Panama City, Panama
As Panama City expands at an unprecedented rate, environmental sustainability is becoming central to future developments. However, because of the high amount of rainfall and humidity, the effect of natural ventilation strategies for office and residential towers is limited. Instead we looked at ways to both generate electricity and harvest rainwater through a series of architectural ‘waterfalls’: Rainwater falling on the tower roofs is brought down to the lower roof of the tower base where gentle sloping surfaces generated from parking and pedestrian circulation is used to create a series of ‘waterfalls’ that turn a series electricity generating turbines. The water is then filtered and stored to water the sloping green roofs during dry, hot months.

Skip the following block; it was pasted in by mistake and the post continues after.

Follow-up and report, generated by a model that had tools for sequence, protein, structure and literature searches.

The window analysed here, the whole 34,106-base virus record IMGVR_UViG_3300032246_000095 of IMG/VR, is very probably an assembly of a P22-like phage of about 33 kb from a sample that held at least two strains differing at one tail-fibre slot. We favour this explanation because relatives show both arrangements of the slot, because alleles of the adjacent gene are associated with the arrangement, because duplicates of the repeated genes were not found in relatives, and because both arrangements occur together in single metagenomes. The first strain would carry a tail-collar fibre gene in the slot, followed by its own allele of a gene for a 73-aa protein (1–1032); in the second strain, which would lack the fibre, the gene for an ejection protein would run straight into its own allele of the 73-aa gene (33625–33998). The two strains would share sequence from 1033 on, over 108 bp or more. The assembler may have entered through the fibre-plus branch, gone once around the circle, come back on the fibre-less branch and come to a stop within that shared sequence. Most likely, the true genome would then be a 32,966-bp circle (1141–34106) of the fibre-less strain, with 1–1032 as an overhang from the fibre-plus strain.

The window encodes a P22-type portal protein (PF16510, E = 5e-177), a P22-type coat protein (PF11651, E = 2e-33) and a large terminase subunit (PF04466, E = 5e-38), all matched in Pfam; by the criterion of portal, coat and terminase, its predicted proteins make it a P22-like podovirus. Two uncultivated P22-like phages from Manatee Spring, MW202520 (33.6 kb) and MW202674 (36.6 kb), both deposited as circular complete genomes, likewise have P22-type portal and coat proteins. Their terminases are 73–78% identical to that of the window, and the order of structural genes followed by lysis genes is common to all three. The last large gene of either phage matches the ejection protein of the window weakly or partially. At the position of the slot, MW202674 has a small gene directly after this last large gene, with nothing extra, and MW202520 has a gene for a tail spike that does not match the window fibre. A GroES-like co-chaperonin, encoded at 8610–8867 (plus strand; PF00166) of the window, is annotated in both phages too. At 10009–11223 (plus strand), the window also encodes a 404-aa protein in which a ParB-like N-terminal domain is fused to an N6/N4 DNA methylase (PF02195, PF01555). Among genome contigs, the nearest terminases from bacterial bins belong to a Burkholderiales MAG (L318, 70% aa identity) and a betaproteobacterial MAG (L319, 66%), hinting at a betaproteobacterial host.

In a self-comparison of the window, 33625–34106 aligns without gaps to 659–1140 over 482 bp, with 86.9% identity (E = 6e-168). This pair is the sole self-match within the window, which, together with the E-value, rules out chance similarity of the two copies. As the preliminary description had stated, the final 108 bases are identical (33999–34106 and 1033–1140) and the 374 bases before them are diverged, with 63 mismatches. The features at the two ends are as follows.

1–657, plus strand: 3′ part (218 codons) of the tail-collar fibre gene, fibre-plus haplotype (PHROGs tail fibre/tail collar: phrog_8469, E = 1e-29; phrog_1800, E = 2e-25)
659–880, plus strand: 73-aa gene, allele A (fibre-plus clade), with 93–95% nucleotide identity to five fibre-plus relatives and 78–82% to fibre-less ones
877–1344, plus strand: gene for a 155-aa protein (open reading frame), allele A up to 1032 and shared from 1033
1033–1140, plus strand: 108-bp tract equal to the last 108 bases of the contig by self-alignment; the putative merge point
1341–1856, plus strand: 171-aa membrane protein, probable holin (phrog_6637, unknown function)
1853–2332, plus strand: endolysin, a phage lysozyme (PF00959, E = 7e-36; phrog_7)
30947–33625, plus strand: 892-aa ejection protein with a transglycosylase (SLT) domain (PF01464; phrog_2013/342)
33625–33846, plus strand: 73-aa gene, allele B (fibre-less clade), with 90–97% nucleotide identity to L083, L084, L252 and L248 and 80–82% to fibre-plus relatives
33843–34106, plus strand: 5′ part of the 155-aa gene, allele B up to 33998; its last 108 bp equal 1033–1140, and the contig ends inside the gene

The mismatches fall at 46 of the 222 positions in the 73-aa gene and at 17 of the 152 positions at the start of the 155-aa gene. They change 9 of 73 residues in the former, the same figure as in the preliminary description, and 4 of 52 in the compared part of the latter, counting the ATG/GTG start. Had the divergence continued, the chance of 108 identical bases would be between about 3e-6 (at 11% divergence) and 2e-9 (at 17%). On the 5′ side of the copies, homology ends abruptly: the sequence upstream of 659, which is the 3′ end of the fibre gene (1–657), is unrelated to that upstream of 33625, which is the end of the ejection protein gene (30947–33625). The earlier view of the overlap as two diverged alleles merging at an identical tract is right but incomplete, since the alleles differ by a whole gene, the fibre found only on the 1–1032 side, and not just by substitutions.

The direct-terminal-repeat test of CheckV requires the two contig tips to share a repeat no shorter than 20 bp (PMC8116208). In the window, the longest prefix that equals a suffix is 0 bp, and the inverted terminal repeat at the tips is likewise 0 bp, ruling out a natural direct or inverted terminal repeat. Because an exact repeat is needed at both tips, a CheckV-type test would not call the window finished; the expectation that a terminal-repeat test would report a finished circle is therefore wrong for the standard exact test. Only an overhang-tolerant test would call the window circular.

|Through the variation of the skin many differentiations are created in unit types and sizes without changing the essential layout of the building infrastructure. Views orientations are multiplied and where the skin is flat, 2-story duplex units are formed.|
Aerial view of Type 2 towers: Several hundred meters east of the Type 1 towers, the base of these mixed-use buildings is similar to the Type 1 tower so that they are understood as part of the same green infrastructural network. The mixed commercial and residential program is split by a community center and indoor pool that spans both towers.
Jinhee Park AIA
John Hong AIA, Catarina Marques
|acc||8 towers||white stadium||soft lofts|